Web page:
Namespaces as Sugar (was: complexity tax)
mjs at apple.com
Tue May 27 11:42:47 PDT 2008
On May 27, 2008, at 11:00 AM, Brendan Eich wrote:
> What's at issue is whether and why unqualified import matters in any
> object, even the global object only, since the NAS proposal did not
> allow unqualified import even at global level, and the use-case for
> unqualified import was dismissed as not compelling.
There's really 4 separable issues:
1) Namespacing of names at global scope (via lexically scoped
2) Unqualified import of names into global scope.
3) Namespacing of arbitrary object properties.
4) Unqualified import of namespaces for arbitrary object properties.
I would claim 1 and 2 are essential, 3 can be done by convention in
the absence of 4 (a la the NAS proposal) and 4 is unnecessary and
harmful to performance.
>>> That's an interesting idea, although we use namespace
>>> qualification along the prototype chain all over the place in ES4,
>>> and for what seem like good reasons.
>> Other languages with successful namespacing features don't have
>> such a mechanism, so I am dubious of the goodness of these ideas. I
>> am concerned that the namespace lookup algorithm for object
>> property access is too complicated.
> Agreed, this is the big issue. I share your concern, but the
> conservative approach (esp. with reference to C++) of throwing out
> non-global open namespaces looks like an overreaction, and it may
> not save much complexity.
It could save a lot of complexity, by not requiring any first-class
support for namespace lookup on arbitrary objects.
>> It makes object property lookup depend on the set of open
>> namespaces, which means obj.property may compile to entirely
>> different code depending on the context,
> Lexical context, no dynamic open-namespaces scope.
Note I said "compile to" so I think this was clear.
>> and it seems likely it will slow down property lookup when multiple
>> namespaces are open but static type info is missing.
> It certainly could, although we think not in implementations under
> way. Opening multiple namespaces without is not free in a dynamic
> Is the name lookup algorithm much simpler if namespaces are top-
> level only? Since obj.prop could end up with obj referring to the
> (or I should write "a") global object, I don't see it. Unless you're
> proposing outlawing such object references using the namespaces open
> at top-level when obj is the global object.
I would propose that unqualified import only affects lexically scoped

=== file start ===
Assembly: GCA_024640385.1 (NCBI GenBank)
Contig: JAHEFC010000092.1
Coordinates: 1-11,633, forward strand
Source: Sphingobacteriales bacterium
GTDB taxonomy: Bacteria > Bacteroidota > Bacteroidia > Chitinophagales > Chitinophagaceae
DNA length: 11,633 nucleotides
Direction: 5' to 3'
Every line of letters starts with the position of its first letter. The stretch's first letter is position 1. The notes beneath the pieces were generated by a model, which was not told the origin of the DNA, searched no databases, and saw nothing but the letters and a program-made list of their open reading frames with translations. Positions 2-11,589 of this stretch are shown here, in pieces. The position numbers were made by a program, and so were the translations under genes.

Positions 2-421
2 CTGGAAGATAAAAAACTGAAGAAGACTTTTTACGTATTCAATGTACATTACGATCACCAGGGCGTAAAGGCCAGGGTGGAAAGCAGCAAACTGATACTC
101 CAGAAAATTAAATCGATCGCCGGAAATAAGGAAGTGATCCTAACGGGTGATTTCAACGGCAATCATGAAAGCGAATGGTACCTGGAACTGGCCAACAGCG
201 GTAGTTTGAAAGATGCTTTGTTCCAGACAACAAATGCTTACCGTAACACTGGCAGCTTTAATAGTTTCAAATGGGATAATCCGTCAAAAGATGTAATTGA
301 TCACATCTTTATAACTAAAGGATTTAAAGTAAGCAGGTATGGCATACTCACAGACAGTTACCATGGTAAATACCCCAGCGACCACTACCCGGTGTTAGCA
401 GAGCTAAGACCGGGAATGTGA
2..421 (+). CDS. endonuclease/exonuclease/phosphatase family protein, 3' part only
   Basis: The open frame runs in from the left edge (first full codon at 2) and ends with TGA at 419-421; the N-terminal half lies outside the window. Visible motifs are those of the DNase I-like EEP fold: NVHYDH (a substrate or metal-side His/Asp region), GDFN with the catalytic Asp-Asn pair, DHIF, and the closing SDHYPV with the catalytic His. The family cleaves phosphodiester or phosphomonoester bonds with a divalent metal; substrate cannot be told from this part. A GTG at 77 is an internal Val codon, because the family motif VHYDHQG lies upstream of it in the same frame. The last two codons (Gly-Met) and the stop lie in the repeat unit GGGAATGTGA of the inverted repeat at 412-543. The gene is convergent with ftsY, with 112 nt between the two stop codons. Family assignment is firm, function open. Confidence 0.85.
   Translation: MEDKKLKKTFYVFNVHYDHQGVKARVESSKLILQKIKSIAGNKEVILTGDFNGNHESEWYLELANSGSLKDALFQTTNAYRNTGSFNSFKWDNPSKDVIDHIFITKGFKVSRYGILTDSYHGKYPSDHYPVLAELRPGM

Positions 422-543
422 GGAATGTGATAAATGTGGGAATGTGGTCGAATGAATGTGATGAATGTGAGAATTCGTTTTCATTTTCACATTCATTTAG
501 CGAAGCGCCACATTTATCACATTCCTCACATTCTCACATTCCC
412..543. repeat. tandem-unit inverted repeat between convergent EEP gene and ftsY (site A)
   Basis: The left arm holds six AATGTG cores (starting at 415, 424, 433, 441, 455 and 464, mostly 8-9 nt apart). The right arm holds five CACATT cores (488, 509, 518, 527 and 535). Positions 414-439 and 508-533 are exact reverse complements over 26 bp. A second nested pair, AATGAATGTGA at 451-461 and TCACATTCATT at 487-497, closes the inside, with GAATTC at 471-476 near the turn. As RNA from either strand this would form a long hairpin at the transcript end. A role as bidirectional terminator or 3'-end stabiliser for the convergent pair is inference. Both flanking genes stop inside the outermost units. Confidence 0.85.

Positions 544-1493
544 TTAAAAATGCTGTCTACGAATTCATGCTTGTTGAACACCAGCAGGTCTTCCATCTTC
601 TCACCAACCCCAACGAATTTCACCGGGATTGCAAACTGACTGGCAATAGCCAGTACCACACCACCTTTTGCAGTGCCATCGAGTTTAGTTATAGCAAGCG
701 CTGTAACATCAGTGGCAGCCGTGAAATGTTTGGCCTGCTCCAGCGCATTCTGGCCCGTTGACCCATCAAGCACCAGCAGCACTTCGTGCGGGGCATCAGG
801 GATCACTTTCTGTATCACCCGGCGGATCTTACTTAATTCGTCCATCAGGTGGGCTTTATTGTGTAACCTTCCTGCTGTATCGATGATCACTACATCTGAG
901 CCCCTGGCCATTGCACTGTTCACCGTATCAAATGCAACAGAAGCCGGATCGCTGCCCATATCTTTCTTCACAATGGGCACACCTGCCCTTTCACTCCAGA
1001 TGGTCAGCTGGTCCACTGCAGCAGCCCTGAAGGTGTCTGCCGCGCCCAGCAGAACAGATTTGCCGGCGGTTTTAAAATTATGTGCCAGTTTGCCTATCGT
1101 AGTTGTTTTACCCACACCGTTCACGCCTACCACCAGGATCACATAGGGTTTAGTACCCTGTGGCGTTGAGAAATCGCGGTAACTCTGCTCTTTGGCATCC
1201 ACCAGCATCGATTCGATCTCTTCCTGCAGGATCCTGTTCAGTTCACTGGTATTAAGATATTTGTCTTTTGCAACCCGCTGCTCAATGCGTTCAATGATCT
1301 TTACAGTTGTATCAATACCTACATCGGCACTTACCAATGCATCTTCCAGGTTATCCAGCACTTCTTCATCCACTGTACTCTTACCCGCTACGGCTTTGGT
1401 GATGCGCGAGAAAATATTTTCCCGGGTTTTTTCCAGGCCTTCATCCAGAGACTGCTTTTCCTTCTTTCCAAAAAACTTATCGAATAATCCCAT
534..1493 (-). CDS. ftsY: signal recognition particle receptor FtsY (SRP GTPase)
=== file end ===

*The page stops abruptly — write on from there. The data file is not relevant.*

lookups, not object property access, even if the object in question is
the global object. In particular, if you are willing to say
"global.property" instead of "property", it is not such a hardship to
>> If the only real justification is that it's a nice generalization,
>> then I do not think it is worth the performance hit.
> The nice generalization followed from particular use-cases, it did
> not precede them. I cited those cases (briefly). How about being
> responsive to them?
I think many (perhaps all) of those cases either use namespaces
gratuitously or work fine without unqualified import (and so could use
namespaces by convention). For example it doesn't seem important to
allow unqualified import of the meta namespace.
>>> ES (any version) has objects as scopes, as well as prototypes.
>>> It's hard to keep the gander -- objects below the top level, or on
>>> the prototype chain -- from wanting the same sauce that the goose
>>> -- the global object -- is trying to hog all to itself.
>> Is it really? Is there any other language where namespacing of the
>> global namespace has led to namespacing at the sub-object level? C+
>> +, Java and Python all get by fine without namespacing of
>> individual object properties.
> C++ and Java are not the right paradigms for JS/ES. Python is
> better, but Python *does* allow import in local scope.
Python allows import from inside a local namespace, but does it allow
import from outside a local namespace to affect lookup into that
namespace? I am not aware of such a feature but I'm not a Python expert.
>> The reason namespacing at top level is essential to programming in
>> the large is that the global namespace is a shared resource and
>> must be partitioned in controlled ways to avoid collision in a
>> large system. But I do not see how this argument applies to classes
>> or objects.
> See Mark's big post, which discusses (in item (b)) extending
> objects, including standard ones.
> Saying the global object is a shared resource that must be
> partitioned, etc., but no others reachable from it, particularly
> class objects, are shared resources, is begging the question: what
> makes any object a shared resource? That the global is the only
> necessarily shared object does not reduce the benefit, or make the
> cost prohibitive, of sharing other objects reachable from it.
The benefit is less, because you can use separate objects in different